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Genomics. 2008 May;91(5):395-406. doi: 10.1016/j.ygeno.2008.01.002. Epub 2008 Mar 17.

Genomic expression patterns distinguish long-term from short-term glioblastoma survivors: a preliminary feasibility study.

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Department of Neurosurgery, Cleveland Clinic, Cleveland, OH 44195, USA.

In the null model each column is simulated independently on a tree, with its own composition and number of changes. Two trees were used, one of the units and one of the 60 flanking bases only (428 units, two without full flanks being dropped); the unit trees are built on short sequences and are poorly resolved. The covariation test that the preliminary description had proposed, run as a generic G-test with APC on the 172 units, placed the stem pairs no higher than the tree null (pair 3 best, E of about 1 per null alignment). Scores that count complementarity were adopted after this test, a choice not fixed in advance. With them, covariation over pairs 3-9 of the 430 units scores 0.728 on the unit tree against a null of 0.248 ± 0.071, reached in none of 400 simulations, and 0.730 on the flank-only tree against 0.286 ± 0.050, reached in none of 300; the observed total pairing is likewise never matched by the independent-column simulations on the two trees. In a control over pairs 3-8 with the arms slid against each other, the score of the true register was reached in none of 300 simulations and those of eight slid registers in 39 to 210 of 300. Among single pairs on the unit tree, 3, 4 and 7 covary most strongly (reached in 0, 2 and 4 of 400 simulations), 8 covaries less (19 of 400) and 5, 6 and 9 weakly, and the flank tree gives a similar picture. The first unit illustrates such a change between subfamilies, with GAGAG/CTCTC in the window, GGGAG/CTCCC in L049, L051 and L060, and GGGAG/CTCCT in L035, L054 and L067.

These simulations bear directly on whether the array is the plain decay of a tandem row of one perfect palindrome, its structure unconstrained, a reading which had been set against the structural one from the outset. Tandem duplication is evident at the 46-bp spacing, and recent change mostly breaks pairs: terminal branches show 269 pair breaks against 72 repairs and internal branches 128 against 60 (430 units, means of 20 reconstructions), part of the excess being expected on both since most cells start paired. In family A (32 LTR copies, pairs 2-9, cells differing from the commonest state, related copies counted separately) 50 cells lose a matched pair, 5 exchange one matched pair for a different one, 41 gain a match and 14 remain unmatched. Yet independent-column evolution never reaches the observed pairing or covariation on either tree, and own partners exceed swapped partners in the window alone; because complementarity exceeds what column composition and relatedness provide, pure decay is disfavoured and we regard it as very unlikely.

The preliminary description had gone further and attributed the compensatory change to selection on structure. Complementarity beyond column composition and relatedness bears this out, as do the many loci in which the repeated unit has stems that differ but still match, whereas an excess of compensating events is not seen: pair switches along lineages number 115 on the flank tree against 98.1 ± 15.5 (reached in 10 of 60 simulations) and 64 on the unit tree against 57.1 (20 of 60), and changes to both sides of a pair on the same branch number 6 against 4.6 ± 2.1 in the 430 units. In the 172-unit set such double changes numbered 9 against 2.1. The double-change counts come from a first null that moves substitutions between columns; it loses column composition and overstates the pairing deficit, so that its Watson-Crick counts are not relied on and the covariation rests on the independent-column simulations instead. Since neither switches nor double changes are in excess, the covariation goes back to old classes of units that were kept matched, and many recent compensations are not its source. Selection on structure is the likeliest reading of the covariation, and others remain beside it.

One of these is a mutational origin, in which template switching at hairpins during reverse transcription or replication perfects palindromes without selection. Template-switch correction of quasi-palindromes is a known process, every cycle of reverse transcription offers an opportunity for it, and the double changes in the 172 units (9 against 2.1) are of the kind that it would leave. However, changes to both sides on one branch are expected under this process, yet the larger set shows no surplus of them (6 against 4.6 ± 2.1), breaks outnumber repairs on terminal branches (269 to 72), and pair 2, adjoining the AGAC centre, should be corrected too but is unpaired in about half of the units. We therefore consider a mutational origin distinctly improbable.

We used microarray analysis to investigate associations between genotypic expression profiles and survival phenotypes in patients with primary glioblastoma (GBM). Tumor samples from 7 long-term glioblastoma survivors (>24 months) and 13 short-term survivors (<9 months) were analyzed to detect differential patterns of gene expression between these groups and to identify genotypic subclasses of glioblastomas that correlate with survival phenotypes. Five unsupervised and three supervised clustering algorithms consistently and accurately grouped the tumors into genotypic subgroups corresponding to the two clinical survival phenotypes. Three unique prospective mathematical classification algorithms were subsequently trained to use expression data to stratify unknown glioblastomas between survival groups and performed this task with 100% accuracy in validation studies. A set of 1478 genes with significant differential expression (p<0.01) between long-term and short-term survivors was identified, and additional mathematical filtering was used to isolate a 43-gene "fingerprint" that distinguished survival phenotypes. Differential regulation of a subset of these genes was confirmed using RT-PCR. Gene ontology analysis of the fingerprint demonstrated pathophysiologic functions for the gene products that are consistent with current models of tumor biology, suggesting that differential expression of these genes may contribute etiologically to the observed differences in survival. These results demonstrate that unique expression profiles characterize genotypic subsets of primary GBMs associated with differential survival phenotypes, and these profiles can be used in a prospective fashion to assign unknown tumors to survival groups. Future efforts will focus on building more robust classifiers and identifying additional subclasses of gliomas with phenotypic significance.

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